Dig Deeper presents:, Eric "Monty" Morris, Crazy Baldhead

Sat Mar 10 2012

10:00 PM

The Bell House

149 7th Street Brooklyn, NY 11215

Ages 21+

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Eric “Monty” Morris is recognized in Jamaica, alongside Laurel Aitken and Derrick Morgan as a primal ska performer. In 1961 he recorded a medley of nursery rhymes as “Humpty Dumpty” providing the vocals to Arkland Drumbago Parks All Star Band’s shuffling beat. The song proved a phenomenal success and is regarded as pivotal in the progress of Jamaican music, introducing the emphasis on the half beat in comparison to earlier local recordings which simply mirrored American R&B.

Morris recorded an abundance of hits throughout the first half of the 60s, most notably “What A Man Doeth”, “Sammy Dead”, “Money Can’t Buy Life”, “Into My Garden”, “Enna Bella” and “Oil In The Lamp” (A Little More Oil In My Lamp). At the beginning of the Jamaican music industry many singers received a single fee for their performance in the studio. This motivated singers to record for anyone who would pay. Morris was no exception, and he recorded several tracks including “Seek And You Will Find”, “Home Sweet Home” and “River Come Down” for Vincent Edwards. The singer also found success with Leslie Kong who released the favoured “Solomon A Gundy” alongside “Strongman Sampson” (Sampson Was The Strongest Man), while sessions with Neremiah Reid resulted in “Words Of Wisdom”, “Supper In The Gutter” and “Words Of My Mouth” 

In the latter half of the 60s several commentators considered that while Morris was an esteemed ska singer he would not adapt to the new sound of rocksteady. Adding the “Monty” tag to his name the singer proved the critics were mistaken with the sublime, “Say I’m Back” and the defiant “Last Laugh”. 

By 1970 Morris had left Jamaica, and did not return until 1998 when he was invited to appear at the monthly Heineken Startime Show Series held in Halfway Tree. Morris was re-discovered in New York by Max Romeo who sought out the ska legend to perform at his show. The singer had not performed live for over 15 years. Critics were in agreement that his appearance was the highlight of the event!

Raring and ready to go is the best way to describe Eric “Monty” Morris’s current state of mind. In 2008 at The Dub Club in Los Angeles, backed by the The Allentons, Morris dazzled the audience with his infectious ska grooves and strong stage presence. He returned to Los Angeles again in 2009 for another performance with The Allentons at the Sugacane Lounge.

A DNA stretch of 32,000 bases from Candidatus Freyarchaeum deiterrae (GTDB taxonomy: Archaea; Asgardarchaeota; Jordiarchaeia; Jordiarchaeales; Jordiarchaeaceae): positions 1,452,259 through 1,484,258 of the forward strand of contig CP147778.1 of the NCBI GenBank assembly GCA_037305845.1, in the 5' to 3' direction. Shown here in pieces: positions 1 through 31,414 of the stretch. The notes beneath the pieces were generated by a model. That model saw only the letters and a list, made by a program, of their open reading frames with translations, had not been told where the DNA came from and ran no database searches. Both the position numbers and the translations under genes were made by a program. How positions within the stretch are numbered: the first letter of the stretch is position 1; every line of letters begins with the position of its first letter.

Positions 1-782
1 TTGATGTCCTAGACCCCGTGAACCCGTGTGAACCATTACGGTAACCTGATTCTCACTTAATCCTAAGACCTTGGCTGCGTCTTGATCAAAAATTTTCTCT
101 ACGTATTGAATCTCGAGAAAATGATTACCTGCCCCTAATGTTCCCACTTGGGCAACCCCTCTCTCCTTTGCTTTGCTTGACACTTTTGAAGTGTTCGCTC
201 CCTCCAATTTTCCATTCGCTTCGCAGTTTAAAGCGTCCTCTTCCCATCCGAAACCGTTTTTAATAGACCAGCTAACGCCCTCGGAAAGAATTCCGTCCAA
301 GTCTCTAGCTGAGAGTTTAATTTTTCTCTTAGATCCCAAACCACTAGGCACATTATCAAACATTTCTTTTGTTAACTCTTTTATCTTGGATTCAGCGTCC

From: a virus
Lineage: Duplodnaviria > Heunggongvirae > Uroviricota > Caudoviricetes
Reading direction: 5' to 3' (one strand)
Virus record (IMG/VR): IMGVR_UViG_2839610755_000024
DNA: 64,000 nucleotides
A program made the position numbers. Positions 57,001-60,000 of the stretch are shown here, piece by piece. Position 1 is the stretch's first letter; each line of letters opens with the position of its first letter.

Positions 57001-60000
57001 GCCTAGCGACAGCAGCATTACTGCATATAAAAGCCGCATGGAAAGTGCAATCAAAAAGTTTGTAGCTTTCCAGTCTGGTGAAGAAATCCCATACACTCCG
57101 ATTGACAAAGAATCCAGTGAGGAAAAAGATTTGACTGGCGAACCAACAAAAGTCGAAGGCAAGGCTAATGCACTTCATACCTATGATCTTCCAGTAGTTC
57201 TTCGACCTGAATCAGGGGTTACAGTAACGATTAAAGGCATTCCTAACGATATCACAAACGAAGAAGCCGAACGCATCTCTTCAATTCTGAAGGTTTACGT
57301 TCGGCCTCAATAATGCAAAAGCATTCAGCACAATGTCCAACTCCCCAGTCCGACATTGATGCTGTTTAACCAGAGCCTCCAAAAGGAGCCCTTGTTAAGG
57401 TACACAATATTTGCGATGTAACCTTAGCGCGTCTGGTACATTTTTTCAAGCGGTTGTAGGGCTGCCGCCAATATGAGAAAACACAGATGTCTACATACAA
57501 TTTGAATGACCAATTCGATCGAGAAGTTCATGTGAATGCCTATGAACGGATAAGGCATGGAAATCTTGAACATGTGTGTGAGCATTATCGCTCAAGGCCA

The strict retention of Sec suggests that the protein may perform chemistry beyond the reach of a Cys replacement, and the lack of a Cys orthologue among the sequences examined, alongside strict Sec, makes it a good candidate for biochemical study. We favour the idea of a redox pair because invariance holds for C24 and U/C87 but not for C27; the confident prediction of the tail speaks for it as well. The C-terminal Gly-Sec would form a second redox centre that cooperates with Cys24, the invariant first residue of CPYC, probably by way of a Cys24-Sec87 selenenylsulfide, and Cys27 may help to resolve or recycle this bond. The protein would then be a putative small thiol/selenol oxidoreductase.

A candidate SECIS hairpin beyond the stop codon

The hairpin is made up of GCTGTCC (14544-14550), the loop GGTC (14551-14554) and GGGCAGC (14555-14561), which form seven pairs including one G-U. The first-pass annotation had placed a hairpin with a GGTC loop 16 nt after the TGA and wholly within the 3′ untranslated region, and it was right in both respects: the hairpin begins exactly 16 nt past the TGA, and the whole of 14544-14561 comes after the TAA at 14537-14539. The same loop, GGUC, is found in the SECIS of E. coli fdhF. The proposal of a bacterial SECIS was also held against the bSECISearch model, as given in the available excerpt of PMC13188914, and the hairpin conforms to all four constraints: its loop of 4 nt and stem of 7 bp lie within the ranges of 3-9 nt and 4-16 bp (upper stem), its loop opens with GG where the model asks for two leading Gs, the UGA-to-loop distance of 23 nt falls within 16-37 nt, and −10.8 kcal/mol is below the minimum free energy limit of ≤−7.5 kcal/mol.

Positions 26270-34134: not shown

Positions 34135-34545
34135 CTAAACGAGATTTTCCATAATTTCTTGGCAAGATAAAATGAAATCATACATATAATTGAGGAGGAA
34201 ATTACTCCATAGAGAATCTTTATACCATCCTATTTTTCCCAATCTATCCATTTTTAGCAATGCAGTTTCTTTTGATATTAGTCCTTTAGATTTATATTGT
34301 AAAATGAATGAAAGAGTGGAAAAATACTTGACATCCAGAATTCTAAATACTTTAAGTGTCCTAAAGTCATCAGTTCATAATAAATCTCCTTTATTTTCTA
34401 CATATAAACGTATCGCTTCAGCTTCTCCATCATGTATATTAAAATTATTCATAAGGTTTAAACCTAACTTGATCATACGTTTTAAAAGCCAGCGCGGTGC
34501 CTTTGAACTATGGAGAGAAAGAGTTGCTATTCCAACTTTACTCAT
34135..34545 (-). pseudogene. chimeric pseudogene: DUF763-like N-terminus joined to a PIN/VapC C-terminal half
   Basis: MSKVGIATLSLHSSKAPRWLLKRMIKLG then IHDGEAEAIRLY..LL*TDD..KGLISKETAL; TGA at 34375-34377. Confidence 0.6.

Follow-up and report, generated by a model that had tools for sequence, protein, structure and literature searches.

The Bell House
Dig Deeper presents: featuring Eric "Monty" Morris & Crazy Baldhead

  • Tickets are no longer available here. Visit www.thebellhouseny.com for tickets.
The Bell House

Dig Deeper presents: featuring Eric "Monty" Morris & Crazy Baldhead

Sat Mar 10 2012 10:00 PM

The Bell House Brooklyn NY
Dig Deeper presents:, Eric "Monty" Morris, Crazy Baldhead
  • Tickets are no longer available here. Visit www.thebellhouseny.com for tickets.

Ages 21+

Eric “Monty” Morris is recognized in Jamaica, alongside Laurel Aitken and Derrick Morgan as a primal ska performer. In 1961 he recorded a medley of nursery rhymes as “Humpty Dumpty” providing the vocals to Arkland Drumbago Parks All Star Band’s shuffling beat. The song proved a phenomenal success and is regarded as pivotal in the progress of Jamaican music, introducing the emphasis on the half beat in comparison to earlier local recordings which simply mirrored American R&B.

Morris recorded an abundance of hits throughout the first half of the 60s, most notably “What A Man Doeth”, “Sammy Dead”, “Money Can’t Buy Life”, “Into My Garden”, “Enna Bella” and “Oil In The Lamp” (A Little More Oil In My Lamp). At the beginning of the Jamaican music industry many singers received a single fee for their performance in the studio. This motivated singers to record for anyone who would pay. Morris was no exception, and he recorded several tracks including “Seek And You Will Find”, “Home Sweet Home” and “River Come Down” for Vincent Edwards. The singer also found success with Leslie Kong who released the favoured “Solomon A Gundy” alongside “Strongman Sampson” (Sampson Was The Strongest Man), while sessions with Neremiah Reid resulted in “Words Of Wisdom”, “Supper In The Gutter” and “Words Of My Mouth” 

In the latter half of the 60s several commentators considered that while Morris was an esteemed ska singer he would not adapt to the new sound of rocksteady. Adding the “Monty” tag to his name the singer proved the critics were mistaken with the sublime, “Say I’m Back” and the defiant “Last Laugh”. 

By 1970 Morris had left Jamaica, and did not return until 1998 when he was invited to appear at the monthly Heineken Startime Show Series held in Halfway Tree. Morris was re-discovered in New York by Max Romeo who sought out the ska legend to perform at his show. The singer had not performed live for over 15 years. Critics were in agreement that his appearance was the highlight of the event!

Raring and ready to go is the best way to describe Eric “Monty” Morris’s current state of mind. In 2008 at The Dub Club in Los Angeles, backed by the The Allentons, Morris dazzled the audience with his infectious ska grooves and strong stage presence. He returned to Los Angeles again in 2009 for another performance with The Allentons at the Sugacane Lounge.